We all have activities we enjoy that mean the world to us. I’m a private pilot and an avid hobbyist pilot of radio controlled fixed wing models. I dont fly full scale anymore but I get my fix of flying through my models. We grew up with responsibility in flying with the help and membership in the Academy of Aeronautics and local clubs. I’m not blind to the problems of the drone popularity and misuses and I recognize the dangers to full scale pilots and planes but I disagree with my fixed wing planes being seen as a single UAS category. I would ask current pilots how many times have they ever had a problem with fixed wing models causing them a problem? I’m venturing a guess never. But I’m about to see my pleasure of flying ended permanently in a short time with the FAA’s plans and restrictions. Our hobby and full scale flying have lived together in the sky safely for many decades without the problems that exist with hobby drones these days. If it’s the drones that are the problem then work on that problem by itself, not just everything that a hobbyist might fly. Dont take away my love of flying in the only way I have now. Please FAA take the time to figure this out correctly so we can all use the airspaces safely.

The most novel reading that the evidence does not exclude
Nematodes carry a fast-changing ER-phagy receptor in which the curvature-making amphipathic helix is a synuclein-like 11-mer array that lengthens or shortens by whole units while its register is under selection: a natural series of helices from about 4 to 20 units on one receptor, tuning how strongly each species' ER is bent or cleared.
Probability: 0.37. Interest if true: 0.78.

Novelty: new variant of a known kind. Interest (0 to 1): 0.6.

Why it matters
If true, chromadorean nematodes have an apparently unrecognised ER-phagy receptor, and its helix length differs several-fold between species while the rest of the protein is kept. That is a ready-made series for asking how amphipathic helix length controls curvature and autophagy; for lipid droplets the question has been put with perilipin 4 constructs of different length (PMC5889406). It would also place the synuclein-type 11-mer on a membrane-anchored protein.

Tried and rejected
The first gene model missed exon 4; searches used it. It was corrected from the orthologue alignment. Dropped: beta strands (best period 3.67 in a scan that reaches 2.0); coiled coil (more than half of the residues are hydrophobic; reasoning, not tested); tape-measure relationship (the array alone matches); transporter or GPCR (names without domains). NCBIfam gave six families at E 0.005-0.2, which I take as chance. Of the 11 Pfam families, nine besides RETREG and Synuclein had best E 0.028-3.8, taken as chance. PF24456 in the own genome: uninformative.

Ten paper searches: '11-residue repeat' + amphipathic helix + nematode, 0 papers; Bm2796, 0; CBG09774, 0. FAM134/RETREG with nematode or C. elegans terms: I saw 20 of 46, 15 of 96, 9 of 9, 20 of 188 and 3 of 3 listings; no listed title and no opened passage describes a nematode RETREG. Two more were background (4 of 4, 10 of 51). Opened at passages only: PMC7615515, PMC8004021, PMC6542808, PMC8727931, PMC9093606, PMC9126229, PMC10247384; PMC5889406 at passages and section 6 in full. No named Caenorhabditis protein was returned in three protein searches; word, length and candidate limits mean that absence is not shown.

8. Ralph M. ZAIONZ
    Ralph M. ZAIONZ says:

    My error in the above comment. It should have said I disagree with my fixed wing models being lumped together with drones as a single UAS category. The should be viewed seperately.

      • Don W.
        Don W. says:

        Tom, (YARS)

        Traditional RC airplanes require a smooth surface to take off and land, and are limited by their radios to a relatively small radius around the operator. Since the aircraft must be controlled by the operator at all times, line of sight operation is ensured, and it requires a skilled operator to avoid going home with a broken model.